Mexico is now number one in trade volume with the US.
The pandemic of 2020 invariably changed aspects of the global economy. Many economic systems reverted to pre-pandemic conditions, but not without COVID-era measures and restrictions leaving their mark. Namely, the worst disruptions in global supply chains seen in decades.
Global Supply Chains Disrupted by Pandemic
The last thirty years have been described as the “era of globalization,” as trade expanded and countries became more reliant on each other for the seamless transfer of essential goods. However, the cessation of normal conditions led to supply chain bottlenecks that affected industries worldwide. Shortages of key goods, such as microchips, led many companies to slow or halt production. The ensuing scarcity of many end products contributed to the huge spike in global inflation.
Amidst the supply chain collapse, many companies were forced to consider alternatives to existing sources. China reliably provided needed goods for over 30 years, but the sudden disruption caused foreign countries, particularly the US, to find alternate sources of requisite goods. Many American companies expanded their footprint in Mexico, and foreign direct investment (FDI) rose substantially. In the first quarter of 2023, FDI in Mexico totaled $18.64 billion with over 56% coming from the US. Investment from the US has been facilitated by the USMCA agreement, a replacement to NAFTA implemented in 2020. Manufacturers of vehicles, electronic components, and auto parts were among the biggest recipients of foreign investment.
The Mexican peso has been one of the strongest currencies in the world, appreciating by over 19% against the dollar since Mexico started raising rates in June 2022. The driving factors are:
- High interest rates: Mexico raised short-term interest rates to 11.25%. This produced a wave of speculative buying for better returns (US rates are currently at 5.5%) and provided carry-trade opportunities (borrowing in a low-interest rate currency and lending in one with higher rates).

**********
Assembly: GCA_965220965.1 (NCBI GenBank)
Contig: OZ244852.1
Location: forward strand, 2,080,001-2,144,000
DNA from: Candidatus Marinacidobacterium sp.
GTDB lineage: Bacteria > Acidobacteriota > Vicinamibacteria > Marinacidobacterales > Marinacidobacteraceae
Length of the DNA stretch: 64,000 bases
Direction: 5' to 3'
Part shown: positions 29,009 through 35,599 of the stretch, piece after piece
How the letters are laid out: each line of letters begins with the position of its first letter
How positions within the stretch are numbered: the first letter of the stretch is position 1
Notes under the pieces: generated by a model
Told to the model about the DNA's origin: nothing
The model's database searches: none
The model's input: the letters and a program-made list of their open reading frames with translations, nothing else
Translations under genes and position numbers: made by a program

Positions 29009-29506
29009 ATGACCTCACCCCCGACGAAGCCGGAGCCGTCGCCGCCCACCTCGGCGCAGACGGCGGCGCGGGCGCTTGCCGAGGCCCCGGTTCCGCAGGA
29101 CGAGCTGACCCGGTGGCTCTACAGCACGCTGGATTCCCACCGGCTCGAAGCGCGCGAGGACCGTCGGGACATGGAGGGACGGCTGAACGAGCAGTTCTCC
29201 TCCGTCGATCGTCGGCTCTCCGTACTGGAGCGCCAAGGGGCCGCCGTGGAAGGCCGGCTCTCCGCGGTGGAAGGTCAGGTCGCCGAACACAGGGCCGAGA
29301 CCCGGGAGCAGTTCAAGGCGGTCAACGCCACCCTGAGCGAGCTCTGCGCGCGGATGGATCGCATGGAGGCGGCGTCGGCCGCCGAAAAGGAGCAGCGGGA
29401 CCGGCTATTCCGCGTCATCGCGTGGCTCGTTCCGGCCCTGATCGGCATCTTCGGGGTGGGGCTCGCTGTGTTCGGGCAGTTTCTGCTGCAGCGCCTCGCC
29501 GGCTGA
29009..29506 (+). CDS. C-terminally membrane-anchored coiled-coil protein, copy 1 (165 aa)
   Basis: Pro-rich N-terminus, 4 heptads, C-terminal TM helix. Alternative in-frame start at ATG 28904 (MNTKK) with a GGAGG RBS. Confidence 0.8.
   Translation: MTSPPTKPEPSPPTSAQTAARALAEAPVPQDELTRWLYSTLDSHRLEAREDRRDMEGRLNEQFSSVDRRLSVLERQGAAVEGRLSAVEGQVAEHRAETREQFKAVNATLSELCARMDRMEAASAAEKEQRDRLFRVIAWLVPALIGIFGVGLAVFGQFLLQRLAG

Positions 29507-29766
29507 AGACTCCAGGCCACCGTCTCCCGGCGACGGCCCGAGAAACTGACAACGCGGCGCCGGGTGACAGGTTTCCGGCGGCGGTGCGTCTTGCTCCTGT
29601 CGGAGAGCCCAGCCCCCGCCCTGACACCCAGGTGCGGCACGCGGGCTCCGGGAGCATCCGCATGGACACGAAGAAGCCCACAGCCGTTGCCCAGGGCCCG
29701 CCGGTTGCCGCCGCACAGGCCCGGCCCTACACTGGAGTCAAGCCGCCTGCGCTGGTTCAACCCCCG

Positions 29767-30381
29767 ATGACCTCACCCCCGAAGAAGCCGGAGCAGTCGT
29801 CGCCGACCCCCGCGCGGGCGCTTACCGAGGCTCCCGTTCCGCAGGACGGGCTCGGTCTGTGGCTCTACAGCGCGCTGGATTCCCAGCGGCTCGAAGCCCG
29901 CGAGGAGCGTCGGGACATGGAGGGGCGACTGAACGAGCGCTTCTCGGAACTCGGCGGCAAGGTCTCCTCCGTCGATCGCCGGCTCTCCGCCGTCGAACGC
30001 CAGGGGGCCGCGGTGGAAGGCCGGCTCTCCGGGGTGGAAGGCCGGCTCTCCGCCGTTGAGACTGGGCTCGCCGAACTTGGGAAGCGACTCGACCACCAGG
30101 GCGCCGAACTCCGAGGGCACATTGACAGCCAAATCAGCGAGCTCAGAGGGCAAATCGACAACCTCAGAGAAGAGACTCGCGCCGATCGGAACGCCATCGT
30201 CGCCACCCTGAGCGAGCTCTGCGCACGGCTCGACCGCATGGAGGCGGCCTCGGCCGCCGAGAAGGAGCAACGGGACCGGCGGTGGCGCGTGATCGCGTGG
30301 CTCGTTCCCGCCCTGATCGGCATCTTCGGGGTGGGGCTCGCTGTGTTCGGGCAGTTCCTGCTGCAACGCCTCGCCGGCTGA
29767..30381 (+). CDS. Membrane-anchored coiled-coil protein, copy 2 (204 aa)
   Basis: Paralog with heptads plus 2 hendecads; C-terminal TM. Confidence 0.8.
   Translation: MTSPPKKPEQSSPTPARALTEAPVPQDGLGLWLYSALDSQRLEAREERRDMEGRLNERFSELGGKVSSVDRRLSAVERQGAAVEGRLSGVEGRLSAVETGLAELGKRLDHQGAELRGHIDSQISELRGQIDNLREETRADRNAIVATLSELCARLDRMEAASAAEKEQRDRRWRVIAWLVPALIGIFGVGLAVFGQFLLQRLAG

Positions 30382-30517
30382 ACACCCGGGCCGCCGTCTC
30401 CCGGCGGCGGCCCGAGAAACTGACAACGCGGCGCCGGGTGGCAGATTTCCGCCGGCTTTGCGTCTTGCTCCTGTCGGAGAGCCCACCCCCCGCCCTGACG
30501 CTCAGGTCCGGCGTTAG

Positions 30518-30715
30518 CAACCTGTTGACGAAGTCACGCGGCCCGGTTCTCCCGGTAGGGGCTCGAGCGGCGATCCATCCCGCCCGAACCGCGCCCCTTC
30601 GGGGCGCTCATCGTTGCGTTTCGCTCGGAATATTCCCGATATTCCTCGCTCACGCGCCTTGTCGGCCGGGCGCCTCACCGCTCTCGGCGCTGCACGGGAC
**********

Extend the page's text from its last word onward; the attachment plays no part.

- FDI: As mentioned above, there has been an enormous increase in money flowing into Mexico as companies seek to nearshore production.
- Strong economy: Mexico’s economy has recovered its employment and Gross Domestic Product (GDP) back to pre-pandemic levels. Growth is expected to stay at 3% in 2023, continuing the pace of 2022.
- Economists expect nearshoring to increase over the next few years as more companies build manufacturing facilities in Mexico. This will drive further growth in US-Mexico trade.
- The peso will likely weaken against the dollar from current levels. Mexico’s inflation rate has dropped to 5.06%, which should allow the central bank (Banxico) to lower interest rates. Experts predict that monetary easing will begin in late 2023 or early 2024.
- The course of the Mexican economy may be largely driven by its neighbor to the North. If the US economy avoids a prolonged recession, the current investment trend will continue supporting the growth of Mexican industry.
- Recent growth in US-Mexico trade has pushed Mexico past China and Canada as the US’s top trading partner. The deterioration of relations between the US and China may add momentum to the shift to Mexico.
- A weaker peso should accelerate nearshoring investment in Mexico. Markets will be paying close attention to the next Banxico monetary policy meeting on August 10 for indications of what to expect in the future.
- Though Mexico is expected to lower interest rates, its rates will still be significantly higher than the US. This could keep the peso at elevated levels against the dollar for the next several years.
- The peso will most likely be volatile on forex markets over the next few quarters, which will inevitably lead to increases in foreign currency risk for companies doing business between the US and Mexico.
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